W. M Bennion. an employe at the La
Belle pottery, is lying ill at his home
on Thirty-sixth and Chapline streets.
Patrick Fay. of the Wheeling pottery,
was laid off sevral days Ia3t week on
account of illness.
STEUBENVILLE INDUSTRIAL.
Special to rhe R-gister.
Steubenville, O.. May 16.—Local Un
ica No. S. A. F. G. W. l\, of this city,
elected ‘tie following delegate? to the
National Gl.vs.-nvothers' Convention a
Alton, Illinois: Georg I\xh. Michael
Hissctt. .1. R. Branagan, Wm. Powers,
James Hogan and Thomas ..icGourty.
The Junction Iron and Steel Compa
ny. of .M.ngo, have received a locomo
tive, to be used in the furnace yard.
This makes seven locomotives the com
pany now has in use around the works.
At the Jefferson (ton works tbe muck
rolls and heating furnaces start up
Monday 1n full, after a two weeks’ shut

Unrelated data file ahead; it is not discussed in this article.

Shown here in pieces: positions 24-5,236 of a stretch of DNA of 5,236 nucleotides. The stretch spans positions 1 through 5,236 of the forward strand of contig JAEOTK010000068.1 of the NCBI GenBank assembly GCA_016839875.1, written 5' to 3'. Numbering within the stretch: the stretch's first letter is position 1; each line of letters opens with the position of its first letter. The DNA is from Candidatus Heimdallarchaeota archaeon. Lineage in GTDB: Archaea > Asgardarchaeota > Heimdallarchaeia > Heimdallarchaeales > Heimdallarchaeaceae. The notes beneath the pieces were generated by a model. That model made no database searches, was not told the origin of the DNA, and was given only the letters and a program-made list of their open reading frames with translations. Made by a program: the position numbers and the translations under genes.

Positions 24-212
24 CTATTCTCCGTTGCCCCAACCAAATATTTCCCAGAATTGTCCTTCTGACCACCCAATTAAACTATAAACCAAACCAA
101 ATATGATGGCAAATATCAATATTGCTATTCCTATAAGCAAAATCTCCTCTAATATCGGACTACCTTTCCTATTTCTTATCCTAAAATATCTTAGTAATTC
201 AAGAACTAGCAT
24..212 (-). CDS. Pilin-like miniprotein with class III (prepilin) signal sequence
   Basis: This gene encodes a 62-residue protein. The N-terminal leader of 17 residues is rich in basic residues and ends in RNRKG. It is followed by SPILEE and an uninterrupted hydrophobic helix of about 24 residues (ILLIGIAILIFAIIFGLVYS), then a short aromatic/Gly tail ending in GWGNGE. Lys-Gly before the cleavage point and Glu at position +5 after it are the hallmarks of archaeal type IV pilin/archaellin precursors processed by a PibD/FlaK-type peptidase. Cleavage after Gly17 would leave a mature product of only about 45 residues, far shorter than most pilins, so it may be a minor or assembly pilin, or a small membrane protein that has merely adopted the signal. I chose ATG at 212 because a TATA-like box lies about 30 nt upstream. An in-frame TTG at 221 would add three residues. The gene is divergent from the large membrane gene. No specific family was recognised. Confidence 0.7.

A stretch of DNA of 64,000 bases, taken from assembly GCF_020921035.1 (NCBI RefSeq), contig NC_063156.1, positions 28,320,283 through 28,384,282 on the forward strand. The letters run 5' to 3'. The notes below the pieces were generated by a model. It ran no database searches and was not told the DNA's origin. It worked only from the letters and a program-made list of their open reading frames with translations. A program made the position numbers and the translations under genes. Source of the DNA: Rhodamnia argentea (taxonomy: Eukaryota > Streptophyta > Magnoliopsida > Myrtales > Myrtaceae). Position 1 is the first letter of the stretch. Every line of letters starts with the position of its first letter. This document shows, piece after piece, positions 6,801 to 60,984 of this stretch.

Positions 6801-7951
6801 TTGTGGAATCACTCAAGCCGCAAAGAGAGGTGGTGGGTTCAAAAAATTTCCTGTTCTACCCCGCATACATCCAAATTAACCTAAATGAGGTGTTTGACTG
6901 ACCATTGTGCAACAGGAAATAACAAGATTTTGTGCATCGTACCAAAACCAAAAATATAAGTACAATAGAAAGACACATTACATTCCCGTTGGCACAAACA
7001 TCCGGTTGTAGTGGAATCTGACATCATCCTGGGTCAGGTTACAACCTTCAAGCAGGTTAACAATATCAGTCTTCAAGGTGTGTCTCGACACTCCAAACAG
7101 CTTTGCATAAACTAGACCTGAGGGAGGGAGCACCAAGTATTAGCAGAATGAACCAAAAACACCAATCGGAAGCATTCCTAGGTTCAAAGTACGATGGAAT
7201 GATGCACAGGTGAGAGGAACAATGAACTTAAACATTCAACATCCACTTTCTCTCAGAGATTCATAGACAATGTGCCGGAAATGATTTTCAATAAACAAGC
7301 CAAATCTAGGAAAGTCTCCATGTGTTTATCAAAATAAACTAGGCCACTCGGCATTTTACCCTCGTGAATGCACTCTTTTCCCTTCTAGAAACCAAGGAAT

il uvn. Th furnace is going at its full
er production and is turnig out aboirt
200 tons of nv l a day. Supt. Mokate
is proving hat he is an efficient fur
nace master.
GENERAL LABOR NOTES.
Sunday shaves are lagal in Illinois.
Toledo brewers have secured an in
crease of $1 a week all round.
The Missouri Pacific Railroad has re
duced fares for commuters to the elec
tric line rates.
Newark carpenters secured the eight
hour day ar.d $2.50. and $2.75 is prom
ised after August 1.
Duluth draymen are organizing.
The official call for the semi-annual
convention of the Minnesota Siate Fed
eration of Labor is addressed to all
trades unions, labor organizations.